A hard freeze night
Published: Wednesday, January 21, 2009 at 6:01 a.m.
Last Modified: Tuesday, January 20, 2009 at 11:42 p.m.
Click here to watch State Meteorologist Ben Nelson's comments on the statewide cold weather outbreak, fire and marine threats for today and tonight.
Most of Florida, including Gainesville, likely will be blanketed with the coldest weather of the winter, so far, this morning and again on Thursday.
The National Weather Service's forecast includes a hard freeze warning until 10 a.m. today and a hard freeze watch between 10 tonight and 10 a.m. Thursday. The warning and the watch includes Alachua, Marion and all other North Florida counties.
The hard freeze warning was issued because temperatures were forecast to plummet after sunset and remain below freezing for eight to 12 hours. The overnight low was expected to dip to between 22 and 28 degrees.
Anyone who ventured outside overnight Tuesday likely noticed it felt even colder. The cold weather, combined with northwest winds of 15 mph and gusts to 30 mph, was expected to create a wind chill - a feels-like temperature - in the low teens. This likely will all happen again tonight. Look for an extended period of sub-freezing temperatures including lows down as far as 22 degrees in some places.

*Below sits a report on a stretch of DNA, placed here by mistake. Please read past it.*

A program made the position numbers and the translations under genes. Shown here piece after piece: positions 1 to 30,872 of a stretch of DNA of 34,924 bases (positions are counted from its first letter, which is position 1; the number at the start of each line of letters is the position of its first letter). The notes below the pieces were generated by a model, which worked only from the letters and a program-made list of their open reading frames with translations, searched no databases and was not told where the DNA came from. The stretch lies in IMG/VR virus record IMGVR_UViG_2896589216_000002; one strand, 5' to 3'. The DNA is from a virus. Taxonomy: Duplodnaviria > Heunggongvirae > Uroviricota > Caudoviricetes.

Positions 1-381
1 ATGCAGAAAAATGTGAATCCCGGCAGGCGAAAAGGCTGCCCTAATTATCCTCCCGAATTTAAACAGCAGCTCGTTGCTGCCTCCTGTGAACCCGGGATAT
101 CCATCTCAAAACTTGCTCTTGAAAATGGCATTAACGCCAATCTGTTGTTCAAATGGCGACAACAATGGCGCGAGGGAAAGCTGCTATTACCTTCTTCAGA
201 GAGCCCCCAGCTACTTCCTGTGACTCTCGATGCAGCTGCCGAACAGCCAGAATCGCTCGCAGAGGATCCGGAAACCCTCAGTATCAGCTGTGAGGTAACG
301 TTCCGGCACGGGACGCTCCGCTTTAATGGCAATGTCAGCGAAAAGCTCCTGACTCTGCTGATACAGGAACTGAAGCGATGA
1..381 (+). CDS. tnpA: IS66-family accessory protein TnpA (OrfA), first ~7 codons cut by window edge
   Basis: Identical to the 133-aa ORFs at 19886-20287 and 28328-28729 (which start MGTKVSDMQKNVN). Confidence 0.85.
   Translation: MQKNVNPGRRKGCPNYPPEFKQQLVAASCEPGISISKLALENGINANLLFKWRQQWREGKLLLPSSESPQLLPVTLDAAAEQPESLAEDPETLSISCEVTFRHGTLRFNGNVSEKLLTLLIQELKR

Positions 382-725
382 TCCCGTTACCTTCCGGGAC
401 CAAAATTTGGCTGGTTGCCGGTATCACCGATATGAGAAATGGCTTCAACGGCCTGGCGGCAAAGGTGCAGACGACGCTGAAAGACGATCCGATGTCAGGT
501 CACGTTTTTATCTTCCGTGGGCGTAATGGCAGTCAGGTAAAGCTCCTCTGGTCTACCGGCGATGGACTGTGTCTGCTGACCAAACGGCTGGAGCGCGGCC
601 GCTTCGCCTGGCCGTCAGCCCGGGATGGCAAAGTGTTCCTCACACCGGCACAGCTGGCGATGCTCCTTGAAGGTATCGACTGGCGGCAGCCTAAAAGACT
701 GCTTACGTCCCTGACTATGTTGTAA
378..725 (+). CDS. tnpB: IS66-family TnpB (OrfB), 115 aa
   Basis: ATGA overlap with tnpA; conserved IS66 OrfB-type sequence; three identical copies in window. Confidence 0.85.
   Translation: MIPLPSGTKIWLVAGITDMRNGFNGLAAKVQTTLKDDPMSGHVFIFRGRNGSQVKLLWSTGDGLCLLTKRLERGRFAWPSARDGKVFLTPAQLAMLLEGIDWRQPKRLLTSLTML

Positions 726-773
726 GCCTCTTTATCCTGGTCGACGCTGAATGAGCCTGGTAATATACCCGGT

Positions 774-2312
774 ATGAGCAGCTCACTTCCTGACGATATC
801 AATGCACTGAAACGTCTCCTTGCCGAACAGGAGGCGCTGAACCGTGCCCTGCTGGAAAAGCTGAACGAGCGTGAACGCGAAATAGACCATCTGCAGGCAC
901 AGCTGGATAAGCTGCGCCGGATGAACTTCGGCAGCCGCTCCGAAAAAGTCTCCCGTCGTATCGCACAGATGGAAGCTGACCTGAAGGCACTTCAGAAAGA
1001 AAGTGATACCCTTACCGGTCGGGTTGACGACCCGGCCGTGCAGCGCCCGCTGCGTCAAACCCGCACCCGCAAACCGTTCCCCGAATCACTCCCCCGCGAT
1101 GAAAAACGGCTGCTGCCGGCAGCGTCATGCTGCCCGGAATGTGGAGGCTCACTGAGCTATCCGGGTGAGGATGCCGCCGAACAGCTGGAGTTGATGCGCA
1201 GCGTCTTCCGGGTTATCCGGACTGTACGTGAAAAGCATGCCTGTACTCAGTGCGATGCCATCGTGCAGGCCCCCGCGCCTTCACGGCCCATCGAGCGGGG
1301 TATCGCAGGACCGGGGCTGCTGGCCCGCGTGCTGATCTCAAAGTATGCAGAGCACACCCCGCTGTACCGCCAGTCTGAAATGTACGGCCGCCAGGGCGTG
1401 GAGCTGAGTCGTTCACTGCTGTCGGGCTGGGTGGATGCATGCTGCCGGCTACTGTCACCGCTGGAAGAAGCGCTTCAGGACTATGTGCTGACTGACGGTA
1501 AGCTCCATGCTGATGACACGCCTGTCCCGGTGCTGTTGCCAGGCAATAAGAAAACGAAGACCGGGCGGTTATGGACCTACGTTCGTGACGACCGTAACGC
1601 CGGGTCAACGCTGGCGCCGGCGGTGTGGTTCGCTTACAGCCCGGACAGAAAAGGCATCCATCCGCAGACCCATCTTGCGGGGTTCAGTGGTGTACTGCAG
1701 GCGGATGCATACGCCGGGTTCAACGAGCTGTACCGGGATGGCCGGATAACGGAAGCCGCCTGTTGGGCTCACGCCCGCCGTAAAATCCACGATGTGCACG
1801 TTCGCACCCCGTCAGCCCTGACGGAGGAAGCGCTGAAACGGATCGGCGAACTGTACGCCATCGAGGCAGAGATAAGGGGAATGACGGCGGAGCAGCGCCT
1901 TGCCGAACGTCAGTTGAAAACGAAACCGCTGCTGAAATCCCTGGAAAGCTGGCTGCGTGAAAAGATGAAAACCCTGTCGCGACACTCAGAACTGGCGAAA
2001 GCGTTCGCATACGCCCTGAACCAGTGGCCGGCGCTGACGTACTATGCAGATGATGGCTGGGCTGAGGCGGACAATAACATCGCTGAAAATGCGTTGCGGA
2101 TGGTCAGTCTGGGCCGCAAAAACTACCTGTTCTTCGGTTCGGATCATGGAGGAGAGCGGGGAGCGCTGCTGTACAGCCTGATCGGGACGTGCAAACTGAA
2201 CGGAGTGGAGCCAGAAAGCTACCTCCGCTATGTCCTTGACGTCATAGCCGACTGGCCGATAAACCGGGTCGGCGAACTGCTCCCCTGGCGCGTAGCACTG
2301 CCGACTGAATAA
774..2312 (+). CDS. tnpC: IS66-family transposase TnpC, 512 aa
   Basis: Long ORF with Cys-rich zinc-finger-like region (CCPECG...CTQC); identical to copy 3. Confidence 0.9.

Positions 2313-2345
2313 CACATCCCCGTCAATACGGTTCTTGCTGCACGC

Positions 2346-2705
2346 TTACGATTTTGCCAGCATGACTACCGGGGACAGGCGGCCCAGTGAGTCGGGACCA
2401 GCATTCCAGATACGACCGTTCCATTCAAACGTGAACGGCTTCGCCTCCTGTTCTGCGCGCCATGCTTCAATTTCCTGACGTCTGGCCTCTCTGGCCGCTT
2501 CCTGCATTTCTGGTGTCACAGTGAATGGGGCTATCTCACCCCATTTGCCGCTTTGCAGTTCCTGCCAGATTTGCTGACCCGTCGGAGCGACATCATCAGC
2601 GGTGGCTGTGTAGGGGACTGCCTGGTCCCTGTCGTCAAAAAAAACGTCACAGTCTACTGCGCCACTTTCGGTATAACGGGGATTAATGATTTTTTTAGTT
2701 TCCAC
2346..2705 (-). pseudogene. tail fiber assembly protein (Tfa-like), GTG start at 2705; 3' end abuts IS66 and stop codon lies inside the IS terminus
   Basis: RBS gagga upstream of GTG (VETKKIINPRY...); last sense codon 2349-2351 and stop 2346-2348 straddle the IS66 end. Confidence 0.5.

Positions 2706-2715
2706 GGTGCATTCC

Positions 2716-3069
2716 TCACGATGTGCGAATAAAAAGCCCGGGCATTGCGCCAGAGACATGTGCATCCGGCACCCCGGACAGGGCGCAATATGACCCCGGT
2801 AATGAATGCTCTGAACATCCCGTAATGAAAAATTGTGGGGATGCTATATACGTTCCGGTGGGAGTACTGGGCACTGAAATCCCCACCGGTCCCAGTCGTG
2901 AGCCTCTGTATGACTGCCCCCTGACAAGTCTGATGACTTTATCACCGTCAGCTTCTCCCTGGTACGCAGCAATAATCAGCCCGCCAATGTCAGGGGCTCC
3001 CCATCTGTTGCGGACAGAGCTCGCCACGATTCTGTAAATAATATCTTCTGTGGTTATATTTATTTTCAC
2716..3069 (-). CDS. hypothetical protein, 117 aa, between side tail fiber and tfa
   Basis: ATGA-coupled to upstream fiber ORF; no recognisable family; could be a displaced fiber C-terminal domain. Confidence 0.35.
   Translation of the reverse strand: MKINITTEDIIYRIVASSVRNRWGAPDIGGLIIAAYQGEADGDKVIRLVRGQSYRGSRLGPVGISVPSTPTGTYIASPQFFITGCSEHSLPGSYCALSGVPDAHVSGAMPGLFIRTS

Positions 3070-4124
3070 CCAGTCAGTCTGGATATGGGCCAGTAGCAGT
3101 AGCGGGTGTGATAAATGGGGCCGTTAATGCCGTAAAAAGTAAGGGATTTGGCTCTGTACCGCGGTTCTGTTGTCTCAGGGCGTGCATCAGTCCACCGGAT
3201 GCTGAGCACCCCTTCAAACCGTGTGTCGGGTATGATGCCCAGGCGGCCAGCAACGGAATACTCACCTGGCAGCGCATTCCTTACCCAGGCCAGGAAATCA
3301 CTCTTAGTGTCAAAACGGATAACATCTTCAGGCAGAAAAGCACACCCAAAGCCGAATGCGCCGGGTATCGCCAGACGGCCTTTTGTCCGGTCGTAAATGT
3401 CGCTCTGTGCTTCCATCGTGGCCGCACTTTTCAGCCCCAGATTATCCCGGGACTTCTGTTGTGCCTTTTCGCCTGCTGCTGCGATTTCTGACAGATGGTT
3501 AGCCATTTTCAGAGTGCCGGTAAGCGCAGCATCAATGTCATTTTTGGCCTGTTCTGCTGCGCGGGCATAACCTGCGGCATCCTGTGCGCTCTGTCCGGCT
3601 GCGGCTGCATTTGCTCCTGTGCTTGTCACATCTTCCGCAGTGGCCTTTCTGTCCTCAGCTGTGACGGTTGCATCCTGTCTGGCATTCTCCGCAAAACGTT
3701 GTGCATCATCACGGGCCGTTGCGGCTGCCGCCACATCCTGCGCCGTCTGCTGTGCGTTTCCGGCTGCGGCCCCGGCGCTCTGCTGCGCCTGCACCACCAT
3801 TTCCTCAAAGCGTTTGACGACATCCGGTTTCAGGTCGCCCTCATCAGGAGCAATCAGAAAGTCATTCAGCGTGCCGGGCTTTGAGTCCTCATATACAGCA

Also, a lake wind advisory has been issued because there is a possibility of sustained winds of up to 25 mph and gusts of 30 to 39 mph. Small boats are more likely to overturn and all boaters are urged to avoid open waters during the advisory.
Also, the weather service issued a reminder for those who drive large vehicles like vans to use extra caution.
Florida Division of Emergency Management State meteorologist Ben Nelson said state residents trying to stay warm should also think about staying safe.
"Freezing temperatures could persist through Friday morning across much of the Florida peninsula," said Nelson. "To ward off this cold spell, many residents may be turning on space heaters and using fireplaces, and we are urging them to do so safely."
Emergency officials encouraged residents to check their heating appliances, smoke detectors and chimneys for damage before using them.
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